Javascript: automatic type convertion

if(something){

// Do this

}

Do this will happen, if “something” is equal to:

undefined

null

0 (as in the number)

“” (empty string)

NaN (not a number object)

Be careful! Any kind of object, or even the string “0” will evaluate to true!

The reason stuff like this works:

var myvar = me || you;

is because if “me” evaluates to true, that is what’s returned. Otherwise “you” will. That is assuming we don’t know if “me” or “you” are undefined at the moment.

 

CSS3: box-sizing property

A bit of background history.

1) IE5 and below, when you specify padding / border  in a div box, the content inside the box was shrinking to accommodate the extra space of those values. If you had a 200px box, with a 10px border and 10px margin, the content shrank to 180px.

2) IE6 and above, padding / border was pushing the box in the example above to 220px instead (the content reminds 200px, the rest is taken from outside the box, and push all the other elements around to make space for it.

3) Sometimes that doesn’t work well with fluid layout, and those extra pixels push stuff out of place, it would be ideal to tell DOM boxes to behave like IE5, pushing for extra pixels inwards instead of outwards their box limit.

4) Meet box-sizing property, since IE8 onwards you can do that:

box-sizing: content-box|border-box|inherit:

content-box is the default behavior (it pushes stuff out to make space for padding and borders)

border-box: in pushes stuff inside the DOM element, reducing its internal size, to accommodate padding and border. You can use it to make sure your fluid elements won’t push stuff out of place

Note: the default behavior for DOM elements is content-box, except when you don’t explicitly specify the width of an element, or if the element is set to be 100% width, tables and table elements are also using this “substractive behavior” by default.

 

Heroku: sending mail

It is so easy now that mandrill by MailChimp is part of the deal.

1) Add the Mandrill Add On to your site.

2) Include the ‘mail’ gem in your gemset.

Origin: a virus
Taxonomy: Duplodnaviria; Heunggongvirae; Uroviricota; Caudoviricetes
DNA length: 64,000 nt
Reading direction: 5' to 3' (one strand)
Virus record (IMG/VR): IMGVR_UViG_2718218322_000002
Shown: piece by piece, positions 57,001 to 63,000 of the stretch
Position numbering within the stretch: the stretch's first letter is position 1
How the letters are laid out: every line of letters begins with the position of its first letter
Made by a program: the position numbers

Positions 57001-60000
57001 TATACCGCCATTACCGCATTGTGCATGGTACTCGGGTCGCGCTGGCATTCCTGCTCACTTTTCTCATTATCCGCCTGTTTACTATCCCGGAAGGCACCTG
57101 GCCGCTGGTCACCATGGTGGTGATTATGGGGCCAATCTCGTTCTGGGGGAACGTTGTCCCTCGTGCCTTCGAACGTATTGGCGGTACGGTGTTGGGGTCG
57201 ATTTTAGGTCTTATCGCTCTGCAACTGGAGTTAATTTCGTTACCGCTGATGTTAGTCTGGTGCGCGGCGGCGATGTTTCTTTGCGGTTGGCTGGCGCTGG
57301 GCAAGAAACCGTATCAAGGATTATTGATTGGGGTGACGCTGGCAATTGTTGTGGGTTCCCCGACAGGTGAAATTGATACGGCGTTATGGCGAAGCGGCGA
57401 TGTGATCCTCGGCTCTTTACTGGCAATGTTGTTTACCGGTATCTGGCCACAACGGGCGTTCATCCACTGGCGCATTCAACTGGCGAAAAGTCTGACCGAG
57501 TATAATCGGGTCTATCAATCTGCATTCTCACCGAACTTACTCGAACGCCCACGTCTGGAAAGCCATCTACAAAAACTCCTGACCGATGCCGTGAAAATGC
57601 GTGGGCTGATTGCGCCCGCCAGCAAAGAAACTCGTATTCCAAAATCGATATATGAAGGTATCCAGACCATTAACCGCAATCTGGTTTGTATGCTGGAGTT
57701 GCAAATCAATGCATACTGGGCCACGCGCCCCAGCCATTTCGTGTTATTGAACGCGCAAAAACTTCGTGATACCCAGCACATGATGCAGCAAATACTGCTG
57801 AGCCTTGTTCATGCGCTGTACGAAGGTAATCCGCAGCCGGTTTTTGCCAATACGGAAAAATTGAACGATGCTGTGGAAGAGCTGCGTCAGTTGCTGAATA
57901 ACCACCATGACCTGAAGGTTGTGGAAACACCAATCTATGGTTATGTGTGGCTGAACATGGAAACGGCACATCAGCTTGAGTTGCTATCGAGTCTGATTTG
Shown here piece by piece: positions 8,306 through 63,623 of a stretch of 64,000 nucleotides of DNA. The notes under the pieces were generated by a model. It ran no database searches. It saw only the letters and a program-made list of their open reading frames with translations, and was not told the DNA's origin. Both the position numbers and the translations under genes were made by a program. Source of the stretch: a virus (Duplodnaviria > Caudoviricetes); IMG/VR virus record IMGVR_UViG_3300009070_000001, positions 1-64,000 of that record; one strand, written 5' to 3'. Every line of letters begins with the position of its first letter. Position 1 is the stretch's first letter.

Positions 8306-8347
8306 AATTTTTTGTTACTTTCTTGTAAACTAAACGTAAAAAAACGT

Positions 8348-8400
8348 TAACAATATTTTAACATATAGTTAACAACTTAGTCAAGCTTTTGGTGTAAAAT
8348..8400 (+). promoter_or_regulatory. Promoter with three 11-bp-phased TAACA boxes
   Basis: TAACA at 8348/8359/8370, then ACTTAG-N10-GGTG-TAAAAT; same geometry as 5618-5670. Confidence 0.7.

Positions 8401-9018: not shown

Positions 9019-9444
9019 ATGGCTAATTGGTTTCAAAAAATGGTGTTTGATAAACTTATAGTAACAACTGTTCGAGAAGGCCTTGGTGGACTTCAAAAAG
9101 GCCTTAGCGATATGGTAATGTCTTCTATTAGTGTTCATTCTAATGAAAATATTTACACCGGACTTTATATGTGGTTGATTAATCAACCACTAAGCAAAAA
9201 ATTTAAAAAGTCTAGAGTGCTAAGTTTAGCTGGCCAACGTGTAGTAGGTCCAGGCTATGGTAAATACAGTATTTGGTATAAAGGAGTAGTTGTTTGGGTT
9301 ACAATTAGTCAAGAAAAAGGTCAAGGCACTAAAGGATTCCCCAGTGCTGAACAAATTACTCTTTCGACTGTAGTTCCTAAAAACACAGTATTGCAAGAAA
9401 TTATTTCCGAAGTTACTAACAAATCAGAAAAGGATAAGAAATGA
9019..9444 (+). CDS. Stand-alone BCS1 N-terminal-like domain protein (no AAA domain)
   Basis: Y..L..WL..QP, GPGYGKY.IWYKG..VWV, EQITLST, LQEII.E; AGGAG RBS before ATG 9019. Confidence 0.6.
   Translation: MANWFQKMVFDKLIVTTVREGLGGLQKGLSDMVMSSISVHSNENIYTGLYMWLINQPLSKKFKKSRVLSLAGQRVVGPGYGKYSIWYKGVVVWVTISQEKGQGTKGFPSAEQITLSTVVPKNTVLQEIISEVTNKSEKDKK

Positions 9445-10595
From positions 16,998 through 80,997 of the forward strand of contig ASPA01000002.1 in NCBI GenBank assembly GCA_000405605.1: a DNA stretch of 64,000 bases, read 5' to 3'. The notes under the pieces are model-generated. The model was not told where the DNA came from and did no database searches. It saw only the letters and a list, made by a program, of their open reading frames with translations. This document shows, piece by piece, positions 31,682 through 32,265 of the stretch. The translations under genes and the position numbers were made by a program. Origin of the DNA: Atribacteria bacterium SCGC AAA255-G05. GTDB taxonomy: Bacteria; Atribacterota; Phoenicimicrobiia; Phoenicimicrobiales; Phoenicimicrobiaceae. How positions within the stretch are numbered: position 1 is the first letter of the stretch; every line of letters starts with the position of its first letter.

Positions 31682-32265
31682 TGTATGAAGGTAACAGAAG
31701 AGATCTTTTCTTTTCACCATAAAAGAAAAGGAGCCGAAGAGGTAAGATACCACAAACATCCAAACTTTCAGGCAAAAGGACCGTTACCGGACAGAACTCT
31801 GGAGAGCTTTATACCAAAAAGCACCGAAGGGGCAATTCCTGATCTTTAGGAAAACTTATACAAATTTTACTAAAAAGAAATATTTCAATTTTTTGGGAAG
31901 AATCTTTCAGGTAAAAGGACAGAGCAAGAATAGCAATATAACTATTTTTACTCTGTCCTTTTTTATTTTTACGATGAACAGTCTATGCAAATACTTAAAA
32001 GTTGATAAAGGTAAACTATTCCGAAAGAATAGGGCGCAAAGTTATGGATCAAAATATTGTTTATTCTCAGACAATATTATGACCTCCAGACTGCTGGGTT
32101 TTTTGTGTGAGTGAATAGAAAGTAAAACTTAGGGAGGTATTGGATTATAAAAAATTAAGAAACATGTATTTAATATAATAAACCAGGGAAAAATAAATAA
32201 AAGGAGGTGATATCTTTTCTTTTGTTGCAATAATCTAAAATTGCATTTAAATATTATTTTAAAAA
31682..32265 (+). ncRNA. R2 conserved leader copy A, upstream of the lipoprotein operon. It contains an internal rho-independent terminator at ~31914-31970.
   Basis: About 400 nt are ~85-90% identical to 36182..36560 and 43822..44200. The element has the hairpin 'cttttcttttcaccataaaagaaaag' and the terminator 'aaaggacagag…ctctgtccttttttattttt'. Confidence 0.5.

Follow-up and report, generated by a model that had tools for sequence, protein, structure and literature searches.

3) Example of how to send stuff:

 

require ‘mail’

Mail.defaults do
delivery_method :smtp, {
:port => 587,
:address => “smtp.mandrillapp.com”,
:user_name => “your mandrill username here”,
:password => “your mandrill API key”
}
end

mail = Mail.deliver do
to ‘somebody@gmail.com’
from ‘JohnYo DoeMero <johnmero@somewhere.com>’
subject ‘Test email via Mandrill!’

text_part do
body ‘This is the email body message’
end

html_part do
content_type ‘text/html; charset=UTF-8’
body ‘<em>And, the HTML counterpart <strong>is working!</strong></em>’
end
end

Ruby on Rails: Making Rake do tasks

First, you generate the task via the command line:

$ rails g task your_task_name_here

Then, open the newly generated task file (lib/tasks/your_task_name_here.rake

And fill out the guts (an example here):

namespace :crawl_quotes do
desc “Crawls for stuff”
task :get_stuff => :environment do
require ‘mechanize’
agent = Mechanize.new

agent.get(“http://www.somewebpagehere.com”)

agent.page.search(“.somecssclass”).search(‘a’).each do |index, item|
# Do something here
end

end

Once that is setup, all you have to do is run the task via the command line (or any other way you have for running scripts):

$rake crawl_quotes:get_stuff      (that is the name of the task namespace, the :, and the specific task you are running

Ruby On Rails: devise basics

Installation

In your gem file:

gem “devise”

$ bundle install
$ rails g devise:install

After that, your config files will be at:

config/initializers/devise.rb

Time to configure the user’s model:

$ rails g devise user
$ rake db:migrate

Note that at this point, you have a set of automatic views that are internal to devise. It is advisable that you run the following command, so you can customize those yourself in your views:

rails generate devise:views

 

Set pages so only login users can see them

In your controller, add the following line:

before_filter :authenticate_user!, :only => [:index, :new, :destroy]

Helpers

current_user contains information about the current user. for example current_user.email

user_signed_in? boolean to test if a user is signed in or not, use it as:

<% if user_signed_in? %>
  <%= link_to 'Sign Out', destroy_user_session_path, method: :delete %>
<% end %>

user_session is the session attached to the user, you can store stuff in it like:
user_session[:somevarname] = “somevarvalue”

Options
In the user’s model, confirmable takes care of sending a confirmation email to newly created accounts

:confirmable

You also need to add a migration along with the confirmable option:

class AddConfirmableToUsers < ActiveRecord::Migration
  def up
    add_column :users, :unconfirmed_email, :string
    add_column :users, :confirmation_token, :string
    add_column :users, :confirmed_at, :string
    add_column :users, :confirmation_sent_at, :datetime

    add_index :users, :confirmation_token, :unique => true

    User.update_all(:confirmed_at => Time.now) #your current data will be treated as if they have confirmed their account
  end

  def down
    remove_column :users, :unconfirmed_email, :confirmation_token, :confirmed_at, :confirmation_sent_at
  end
end